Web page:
4 Ways To Prepare For Egg Freezing


25 August 2022

Just because you’re biologically ready to have children, doesn’t mean that your mind or lifestyle are in the same place. If that sounds like you, then egg freezing may be a great option to preserve your fertility and delay parenthood until you’re ready to have a baby.
By Dr Sarah Hunt, Gynaecologist and Monash IVF Specialist in Reproductive Endocrinology & Infertility.

How exactly do you prepare for egg freezing? There are a number of steps you can take to ensure that freezing your eggs is both a positive and empowering experience.

1. Do I Need to Freeze My Eggs?

The first step to prepare for egg freezing is to have a conversation with a trusted and experienced fertility specialist to understand whether egg freezing is right for you. Your doctor will consider factors including your age, medical history, weight and lifestyle, before advising you on how to proceed. They will also ask you to have some tests done, this will include a blood test and ultrasound. It’s important to remember that egg freezing is a medical procedure so don’t be afraid to ask your doctor plenty of questions and seek clarification so that you fully understand the process and what is required of you to ensure it goes as smoothly as possible.

2. Be healthy.

When trying to conceive it’s important to be as healthy as possible and it’s no different when you are undergoing egg freezing. Before your procedure you should eat well and continue to exercise - but don’t overdo it. Get plenty of sleep so you’re well rested and avoid smoking, drinking alcohol and using recreational drugs. You want the eggs that we collect and freeze to be as healthy as possible and to ensure that there no complications during your procedure.

3. Plan ahead.

The egg freezing process takes about a couple of weeks from the time you start injections to stimulate your follicles to the day of your egg collection, but in reality there are plans that need to be put in place beforehand. You might need to attend a few appointments first, have tests carried out and you will have to collect your medication and administer injections at a set time. You will need to decide if you’ll be self-injecting or require help from a partner or other support person. It’s actually not as painful or difficult as you might imagine. A support person can also drive you to and from the clinic on collection day and you should arrange to have the day off work. Also plan for the cost of your procedure and review your health insurance. The cost will vary depending on whether your egg collection is deemed medical or elective. Medical egg freezing is covered by Medicare, but there is currently no rebate for elective egg freezing. Remember to factor in future storage costs as you prepare for egg freezing.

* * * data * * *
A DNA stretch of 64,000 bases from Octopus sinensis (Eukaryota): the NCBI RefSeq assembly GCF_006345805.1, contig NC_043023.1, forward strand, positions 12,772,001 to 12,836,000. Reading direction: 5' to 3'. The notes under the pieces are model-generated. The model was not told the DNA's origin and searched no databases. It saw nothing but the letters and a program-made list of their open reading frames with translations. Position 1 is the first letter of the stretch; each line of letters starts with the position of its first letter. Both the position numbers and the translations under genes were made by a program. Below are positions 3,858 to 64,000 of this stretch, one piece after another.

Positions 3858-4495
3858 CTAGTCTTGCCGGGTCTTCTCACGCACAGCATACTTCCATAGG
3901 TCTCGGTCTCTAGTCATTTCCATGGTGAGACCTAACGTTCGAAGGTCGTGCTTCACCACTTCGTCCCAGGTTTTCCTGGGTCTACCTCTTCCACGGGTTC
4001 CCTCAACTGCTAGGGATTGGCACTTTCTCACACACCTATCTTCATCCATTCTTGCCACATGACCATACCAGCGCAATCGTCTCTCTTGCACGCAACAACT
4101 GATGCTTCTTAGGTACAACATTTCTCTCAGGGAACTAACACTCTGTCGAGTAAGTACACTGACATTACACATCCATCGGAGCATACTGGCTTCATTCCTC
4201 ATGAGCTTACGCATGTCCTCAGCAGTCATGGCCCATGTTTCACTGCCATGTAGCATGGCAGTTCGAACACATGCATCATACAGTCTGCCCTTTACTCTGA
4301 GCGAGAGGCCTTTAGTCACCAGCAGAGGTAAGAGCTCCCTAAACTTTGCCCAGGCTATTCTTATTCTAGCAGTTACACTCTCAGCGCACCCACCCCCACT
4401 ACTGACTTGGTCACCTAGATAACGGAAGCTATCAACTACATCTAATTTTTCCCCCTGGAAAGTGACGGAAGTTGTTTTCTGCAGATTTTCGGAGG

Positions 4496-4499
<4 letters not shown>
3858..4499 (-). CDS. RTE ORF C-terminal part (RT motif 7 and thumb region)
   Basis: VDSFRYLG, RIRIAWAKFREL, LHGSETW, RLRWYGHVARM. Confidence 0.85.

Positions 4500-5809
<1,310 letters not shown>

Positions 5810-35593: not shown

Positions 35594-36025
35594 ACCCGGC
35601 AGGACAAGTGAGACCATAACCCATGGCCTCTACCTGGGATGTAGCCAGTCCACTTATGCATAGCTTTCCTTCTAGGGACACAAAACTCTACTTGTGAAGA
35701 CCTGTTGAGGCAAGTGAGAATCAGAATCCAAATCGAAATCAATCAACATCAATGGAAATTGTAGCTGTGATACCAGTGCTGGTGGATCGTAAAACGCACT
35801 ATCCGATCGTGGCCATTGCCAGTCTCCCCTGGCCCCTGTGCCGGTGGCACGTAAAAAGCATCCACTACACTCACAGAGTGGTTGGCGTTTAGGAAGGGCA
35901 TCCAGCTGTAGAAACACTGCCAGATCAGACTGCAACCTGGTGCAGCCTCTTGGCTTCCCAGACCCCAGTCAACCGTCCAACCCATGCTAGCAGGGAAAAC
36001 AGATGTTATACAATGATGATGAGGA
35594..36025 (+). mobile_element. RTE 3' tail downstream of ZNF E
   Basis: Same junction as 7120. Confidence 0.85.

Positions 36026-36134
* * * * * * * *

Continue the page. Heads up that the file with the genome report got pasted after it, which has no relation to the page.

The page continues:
4. Be positive.

Egg freezing can be an emotional and physically draining experience, but it can also be incredibly empowering. As you prepare for egg freezing, be kind to yourself and ensure that you are well supported throughout the process. Remember you have made an important reproductive choice and you are in control of your fertility. While there is no way of knowing ahead of time how many eggs you will end up freezing, each one represents the opportunity to have a baby should you decide to use them in the future.

About the author

Dr Sarah Hunt is a Gynaecologist and Specialist in Reproductive Endocrinology & Infertility. She practices in Hawthorn East and Clayton in Victoria. She has achieved a Certificate of Reproductive Endocrinology & Infertility - the highest qualification for a fertility specialist in Australia and New Zealand. You can learn more about her here.

Footer Aqua

Start your fertility journey

Wherever you are on your journey, one of our supportive nurse enquiry team can help you understand your options and take the next step. These conversations are free and informative.

Book a nurse chat Book an appointment